4. Role of Candida albicans-Secreted Aspartyl Proteinases (Saps in Severe Early Childhood Caries

    Directory of Open Access Journals (Sweden)

    Wenqing Li

    2014-06-01

    Full Text Available Candida albicans is strongly associated with severe early childhood caries (S-ECC. However, the roles of secreted aspartyl proteinases (Saps, an important virulence factor of C. albicans, in the progress of S-ECC are not clear. In our study, the Saps activities were evaluated by the yeast nitrogen base–bovine serum albumi (YNB–BSA agar plate method and by the MTT method with bovine serum albumin (BSA as the substrate. Genotypes of C. albicans and gene expression of Sap1–5 were evaluated. The relationships of Saps activities and genotypes with S-ECC were analyzed. The results showed that enzyme activities of Saps in the S-ECC group were significantly higher than those in the caries free (CF group (p < 0.05. Genotypes A, B and C were detected in the S-ECC group, and genotypes A and C were detected in the CF group. In the genotype A group, Saps activity in the S-ECC group was significantly different from that in the CF group (p < 0.05. The gene expression level of Sap1 in the S-ECC group was significantly higher than that in the CF group (p = 0.001, while Sap4 expression was significantly lower than that in the CF group (p = 0.029. It can be concluded that Sap1–5 are the predominant proteinase genes expressed in C. albicans from dental biofilm and Sap1 may play an important role in the development of S-ECC.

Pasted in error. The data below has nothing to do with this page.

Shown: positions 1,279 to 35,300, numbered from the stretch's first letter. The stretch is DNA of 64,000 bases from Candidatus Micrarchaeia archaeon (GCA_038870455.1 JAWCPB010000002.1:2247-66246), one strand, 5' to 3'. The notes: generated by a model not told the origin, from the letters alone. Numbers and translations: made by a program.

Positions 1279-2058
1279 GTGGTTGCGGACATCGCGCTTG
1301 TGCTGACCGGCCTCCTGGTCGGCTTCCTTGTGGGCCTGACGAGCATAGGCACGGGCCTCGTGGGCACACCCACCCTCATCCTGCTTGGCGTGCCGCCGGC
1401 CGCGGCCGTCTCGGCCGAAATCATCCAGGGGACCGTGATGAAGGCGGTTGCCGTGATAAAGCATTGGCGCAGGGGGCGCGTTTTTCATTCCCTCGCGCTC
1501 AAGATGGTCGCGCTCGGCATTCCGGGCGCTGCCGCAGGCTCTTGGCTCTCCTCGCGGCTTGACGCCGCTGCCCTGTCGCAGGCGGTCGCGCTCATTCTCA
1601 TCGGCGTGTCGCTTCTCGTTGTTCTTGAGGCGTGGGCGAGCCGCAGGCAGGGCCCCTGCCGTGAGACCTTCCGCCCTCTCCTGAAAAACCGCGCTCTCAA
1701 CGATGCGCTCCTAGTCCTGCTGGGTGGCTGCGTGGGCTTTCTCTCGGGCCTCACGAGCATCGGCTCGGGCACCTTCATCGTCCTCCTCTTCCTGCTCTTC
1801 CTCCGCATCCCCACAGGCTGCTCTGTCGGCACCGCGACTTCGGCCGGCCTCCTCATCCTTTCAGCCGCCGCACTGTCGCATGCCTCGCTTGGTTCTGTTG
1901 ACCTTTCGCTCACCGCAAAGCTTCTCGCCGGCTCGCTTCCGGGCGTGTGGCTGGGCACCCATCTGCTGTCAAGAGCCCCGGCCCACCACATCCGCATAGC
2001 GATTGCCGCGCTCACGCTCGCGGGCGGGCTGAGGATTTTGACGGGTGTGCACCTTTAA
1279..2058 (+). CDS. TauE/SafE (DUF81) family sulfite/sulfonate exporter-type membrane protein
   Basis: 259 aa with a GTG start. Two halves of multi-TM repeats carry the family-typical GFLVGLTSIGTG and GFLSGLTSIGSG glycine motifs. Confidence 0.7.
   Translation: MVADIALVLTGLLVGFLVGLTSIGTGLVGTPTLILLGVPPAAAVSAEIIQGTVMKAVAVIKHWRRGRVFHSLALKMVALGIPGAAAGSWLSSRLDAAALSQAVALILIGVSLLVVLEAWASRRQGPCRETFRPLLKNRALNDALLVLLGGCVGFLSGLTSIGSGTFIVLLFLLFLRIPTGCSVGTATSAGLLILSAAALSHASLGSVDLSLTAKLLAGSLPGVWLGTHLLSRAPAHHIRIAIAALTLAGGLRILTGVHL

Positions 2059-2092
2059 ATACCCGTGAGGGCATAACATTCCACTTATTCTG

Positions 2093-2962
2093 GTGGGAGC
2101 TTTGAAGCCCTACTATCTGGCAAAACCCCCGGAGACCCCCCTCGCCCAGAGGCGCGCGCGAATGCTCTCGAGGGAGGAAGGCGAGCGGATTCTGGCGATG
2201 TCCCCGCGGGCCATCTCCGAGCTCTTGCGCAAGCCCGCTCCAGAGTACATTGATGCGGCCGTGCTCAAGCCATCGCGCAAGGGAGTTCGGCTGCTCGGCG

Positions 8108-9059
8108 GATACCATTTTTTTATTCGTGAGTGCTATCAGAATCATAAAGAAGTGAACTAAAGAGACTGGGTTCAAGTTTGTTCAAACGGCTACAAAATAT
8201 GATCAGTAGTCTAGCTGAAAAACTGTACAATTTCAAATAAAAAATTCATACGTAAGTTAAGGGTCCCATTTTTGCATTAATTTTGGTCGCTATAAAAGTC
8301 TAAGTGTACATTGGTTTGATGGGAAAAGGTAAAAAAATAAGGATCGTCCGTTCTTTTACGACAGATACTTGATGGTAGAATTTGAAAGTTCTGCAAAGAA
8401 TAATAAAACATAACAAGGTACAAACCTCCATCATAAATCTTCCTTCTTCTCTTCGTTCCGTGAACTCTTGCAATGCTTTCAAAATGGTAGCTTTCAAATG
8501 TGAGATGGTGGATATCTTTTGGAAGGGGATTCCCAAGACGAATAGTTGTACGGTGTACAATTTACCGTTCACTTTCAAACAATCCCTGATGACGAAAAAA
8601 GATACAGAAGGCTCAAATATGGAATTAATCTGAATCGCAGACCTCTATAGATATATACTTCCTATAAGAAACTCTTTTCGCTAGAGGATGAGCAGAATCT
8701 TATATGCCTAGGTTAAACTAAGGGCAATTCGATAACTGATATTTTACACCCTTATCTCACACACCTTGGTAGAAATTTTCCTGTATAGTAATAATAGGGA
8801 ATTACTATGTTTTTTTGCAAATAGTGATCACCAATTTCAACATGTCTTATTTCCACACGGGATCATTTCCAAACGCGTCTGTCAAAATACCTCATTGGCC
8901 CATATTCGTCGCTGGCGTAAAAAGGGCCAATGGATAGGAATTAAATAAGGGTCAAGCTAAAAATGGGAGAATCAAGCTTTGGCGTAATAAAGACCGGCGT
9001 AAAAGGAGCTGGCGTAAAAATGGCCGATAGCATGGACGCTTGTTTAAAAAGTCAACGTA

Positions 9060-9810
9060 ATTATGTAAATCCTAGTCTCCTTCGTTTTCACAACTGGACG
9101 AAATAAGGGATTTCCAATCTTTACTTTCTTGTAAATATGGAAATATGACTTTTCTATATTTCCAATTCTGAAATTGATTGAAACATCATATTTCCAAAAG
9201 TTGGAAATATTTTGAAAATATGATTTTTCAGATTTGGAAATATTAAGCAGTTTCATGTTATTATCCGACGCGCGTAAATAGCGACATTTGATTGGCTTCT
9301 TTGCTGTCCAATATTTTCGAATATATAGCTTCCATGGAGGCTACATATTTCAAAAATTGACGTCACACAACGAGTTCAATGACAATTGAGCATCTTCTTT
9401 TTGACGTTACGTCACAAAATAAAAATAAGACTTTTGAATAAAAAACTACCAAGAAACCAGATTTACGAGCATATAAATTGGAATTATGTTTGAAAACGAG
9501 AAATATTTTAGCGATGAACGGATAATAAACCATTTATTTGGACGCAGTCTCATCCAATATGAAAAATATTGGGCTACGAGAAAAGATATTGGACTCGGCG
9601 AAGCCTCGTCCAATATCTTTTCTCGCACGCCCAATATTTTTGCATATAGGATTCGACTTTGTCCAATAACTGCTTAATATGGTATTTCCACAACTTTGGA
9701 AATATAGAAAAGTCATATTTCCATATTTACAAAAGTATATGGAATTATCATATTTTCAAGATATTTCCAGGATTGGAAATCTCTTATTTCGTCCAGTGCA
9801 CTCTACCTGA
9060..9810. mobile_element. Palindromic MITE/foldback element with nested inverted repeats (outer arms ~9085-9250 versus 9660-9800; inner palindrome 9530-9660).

5. Extended interaction network of procollagen C-proteinase enhancer-1 in the extracellular matrix.

    Science.gov (United States)

    Salza, Romain; Peysselon, Franck; Chautard, Emilie; Faye, Clément; Moschcovich, Laura; Weiss, Tali; Perrin-Cocon, Laure; Lotteau, Vincent; Kessler, Efrat; Ricard-Blum, Sylvie

    2014-01-01

    PCPE-1 (procollagen C-proteinase enhancer-1) is an extracellular matrix glycoprotein that can stimulate procollagen processing by procollagen C-proteinases such as BMP-1 (bone morphogenetic protein 1). PCPE-1 interacts with several proteins in addition to procollagens and BMP-1, suggesting that it could be involved in biological processes other than collagen maturation. We thus searched for additional partners of PCPE-1 in the extracellular matrix, which could provide new insights into its biological roles. We identified 17 new partners of PCPE-1 by SPR (surface plasmon resonance) imaging. PCPE-1 forms a transient complex with the β-amyloid peptide, whereas it forms high or very high affinity complexes with laminin-111 (KD=58.8 pM), collagen VI (KD=9.5 nM), TSP-1 (thrombospondin-1) (KD1=19.9 pM, KD2=14.5 nM), collagen IV (KD=49.4 nM) and endostatin, a fragment of collagen XVIII (KD1=0.30 nM, KD2=1.1 nM). Endostatin binds to the NTR (netrin-like) domain of PCPE-1 and decreases the degree of superstimulation of PCPE-1 enhancing activity by heparin. The analysis of the PCPE-1 interaction network based on Gene Ontology terms suggests that, besides its role in collagen deposition, PCPE-1 might be involved in tumour growth, neurodegenerative diseases and angiogenesis. In vitro assays have indeed shown that the CUB1CUB2 (where CUB is complement protein subcomponents C1r/C1s, urchin embryonic growth factor and BMP-1) fragment of PCPE-1 inhibits angiogenesis.